|Saving the Family Farm:
& California Farmlink
How do you save the family farm?
The question is not new, for over a century the American family farm has been a dying breed.
And it is more than a sentimental question. It is also a question of preserving cultural identity, preserving open space, and preserving biodiversity.
In the latter case, the many small family farms guarantee an output of pioneering high-quality foods, the special strains and breeds of organic produce, for example, that out-nutrient and out-variety the best that consolidated corporate agribusiness has to offer. It is healthy to maintain such diversity in agricultural output, and the family farm plays a vital role.
The National Farm Transition Network is trying to save the family farm. This relatively new organization is a loose collection of non-profit entities in 18 states matching aging farmers without successors to motivated individuals or families that want to buy a farm. To find out more about this noble undertaking, we looked no further than Sacramento, California, where in a nondescript downtown victorian several nonprofits share space, including California FarmLink (www.CaliforniaFarmLink.org), which matches old farm sellers to young farm buyers. California FarmLink was founded by and is directed by Steve Schwarz, a pleasant 35 year old EcoWorld Hero who brings a lifetime of agricultural and political experience to his work.
|Juan and Rosie Chavira sign
papers to become farm owners.
EcoWorld visited California FarmLink one morning on a brisk weekday in mid-June, on one of Sacramento’s last spring days. It was sunny and fresh and the leaves of the giant sycamore trees lining the street were still getting their second wind. Schwartz told us that farming runs in his family, his own father had a small farm in the former Czechoslovakia before emigrating to the U.S. in 1954. Schwartz himself worked in agriculture in Thailand with the U.S. Peace Corps from 1987 till 1989. He then got an M.A. in Public Affairs from the University of Southern California. After receiving his M.A., he dealt with many agricultural issues as a legislative assistant to the California Assembly and has over 14 years experience working on rural policy issues.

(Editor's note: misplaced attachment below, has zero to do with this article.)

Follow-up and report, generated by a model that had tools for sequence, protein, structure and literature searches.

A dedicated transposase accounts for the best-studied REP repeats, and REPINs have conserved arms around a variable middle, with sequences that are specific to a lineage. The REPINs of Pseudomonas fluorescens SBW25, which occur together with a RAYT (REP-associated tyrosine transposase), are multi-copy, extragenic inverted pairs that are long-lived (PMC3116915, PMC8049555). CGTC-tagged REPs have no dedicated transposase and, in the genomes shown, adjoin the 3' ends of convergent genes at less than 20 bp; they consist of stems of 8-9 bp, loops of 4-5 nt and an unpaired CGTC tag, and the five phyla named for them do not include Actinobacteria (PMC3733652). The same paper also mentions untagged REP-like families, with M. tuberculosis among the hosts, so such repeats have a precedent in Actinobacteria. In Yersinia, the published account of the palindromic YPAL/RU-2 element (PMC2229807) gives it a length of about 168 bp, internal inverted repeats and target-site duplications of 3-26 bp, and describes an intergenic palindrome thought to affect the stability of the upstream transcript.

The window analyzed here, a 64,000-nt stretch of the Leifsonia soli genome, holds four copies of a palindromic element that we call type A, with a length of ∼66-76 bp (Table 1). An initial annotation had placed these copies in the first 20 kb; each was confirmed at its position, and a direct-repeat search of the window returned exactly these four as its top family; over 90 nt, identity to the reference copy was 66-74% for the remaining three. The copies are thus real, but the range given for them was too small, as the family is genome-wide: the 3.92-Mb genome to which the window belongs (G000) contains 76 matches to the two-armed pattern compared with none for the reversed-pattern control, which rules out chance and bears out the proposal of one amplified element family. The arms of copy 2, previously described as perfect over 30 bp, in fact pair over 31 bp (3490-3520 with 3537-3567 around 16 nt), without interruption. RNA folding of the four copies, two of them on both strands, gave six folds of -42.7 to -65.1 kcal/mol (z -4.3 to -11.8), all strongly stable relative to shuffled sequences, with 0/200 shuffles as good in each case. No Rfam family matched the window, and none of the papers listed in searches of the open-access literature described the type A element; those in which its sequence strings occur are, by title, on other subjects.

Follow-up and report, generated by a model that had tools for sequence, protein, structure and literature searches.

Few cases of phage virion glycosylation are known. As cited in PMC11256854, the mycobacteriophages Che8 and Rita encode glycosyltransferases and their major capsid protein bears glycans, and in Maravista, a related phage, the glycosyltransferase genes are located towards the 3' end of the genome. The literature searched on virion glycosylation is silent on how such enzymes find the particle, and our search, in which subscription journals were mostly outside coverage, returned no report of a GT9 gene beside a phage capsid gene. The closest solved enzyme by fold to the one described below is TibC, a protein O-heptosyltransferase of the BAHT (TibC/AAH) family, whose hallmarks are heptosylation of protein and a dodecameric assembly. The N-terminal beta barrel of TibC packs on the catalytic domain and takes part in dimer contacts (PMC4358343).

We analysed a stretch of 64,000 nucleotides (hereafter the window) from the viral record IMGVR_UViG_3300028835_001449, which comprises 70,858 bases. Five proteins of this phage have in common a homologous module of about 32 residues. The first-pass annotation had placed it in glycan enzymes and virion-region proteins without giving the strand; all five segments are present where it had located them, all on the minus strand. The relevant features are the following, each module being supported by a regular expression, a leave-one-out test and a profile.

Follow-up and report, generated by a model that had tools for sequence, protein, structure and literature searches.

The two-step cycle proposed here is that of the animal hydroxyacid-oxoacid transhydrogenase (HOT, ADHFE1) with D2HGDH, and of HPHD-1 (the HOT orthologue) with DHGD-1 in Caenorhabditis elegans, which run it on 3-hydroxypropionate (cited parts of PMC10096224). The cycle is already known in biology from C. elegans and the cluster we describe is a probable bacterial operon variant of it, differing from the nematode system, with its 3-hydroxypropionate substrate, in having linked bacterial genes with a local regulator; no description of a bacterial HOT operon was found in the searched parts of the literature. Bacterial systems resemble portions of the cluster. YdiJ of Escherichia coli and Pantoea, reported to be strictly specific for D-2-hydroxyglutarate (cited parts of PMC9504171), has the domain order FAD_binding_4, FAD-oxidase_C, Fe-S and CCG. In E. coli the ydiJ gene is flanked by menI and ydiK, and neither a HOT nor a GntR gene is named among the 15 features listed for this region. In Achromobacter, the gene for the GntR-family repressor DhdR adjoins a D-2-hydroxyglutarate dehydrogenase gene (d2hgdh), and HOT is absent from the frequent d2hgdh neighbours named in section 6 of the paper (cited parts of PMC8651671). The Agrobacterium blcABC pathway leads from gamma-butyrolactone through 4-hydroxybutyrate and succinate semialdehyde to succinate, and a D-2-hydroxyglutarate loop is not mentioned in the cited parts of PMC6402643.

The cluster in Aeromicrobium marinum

By 1995, after furthering legislation such as the Biologically Integrated Orchard Systems Bill, or BIOS, which created incentives for farmers to reduce pesticide use, Steve was ready to leave government, and so when he heard about a FarmLink program operating in Nebraska, he decided this was something that California needed and made the plunge.
“During the last ten years in California, from 1987 to 1997, there has been a 51% decrease in the number of farmers under 35 years old,” said Schwarz. “Right now 30% of all California’s farmers are over 65 years old, and that percentage is increasing.”
|California wheat field|
FarmLink in California spends much of its time locating small farm owners who have no identified successors and helping them find a new owners who will operate the farm instead of consolidating it into an agribusiness concern or giving the land over to development. “When farms change ownership there are a limited number of outcomes,” said Schwarz, “they can go to the farmer’s children, they can go to another family that purchases the land, they can sell the land to a neighbor or to an agricultural corporation, or they can sell out to a developer.”
Often the farm is not large enough to support both the incoming and outgoing families during the transition in ownership. This is where California FarmLink comes in as well, helping the families by coming up with creative financial techniques that allow the sellers and buyers to survive during this crucial period. For example, conservation easements on the farm property, guaranteeing that portions of the property will remain agricultural or become a nature preserve in perpetuity, can often bring significant money into a farm owner’s estate.
FarmLink also coordinates workshops throughout California to get the word out on ways to ensure that a “farm transition” results in preserving the family farm whenever possible. Since establishing FarmLink in early 1999, Schwartz’s organization has become directly involved in about a dozen farm transitions, and has done dozens of workshops.
Schwartz hopes FarmLink can increase its visibility in the agricultural community so more farmers can use the techniques they have developed to keep the farms family-owned. There are 22,000 farm owners in California who are over 65 years old, and many of them will soon be needing the information FarmLink can provide.
FarmLink is funded by private foundations, as well as state and federal grants.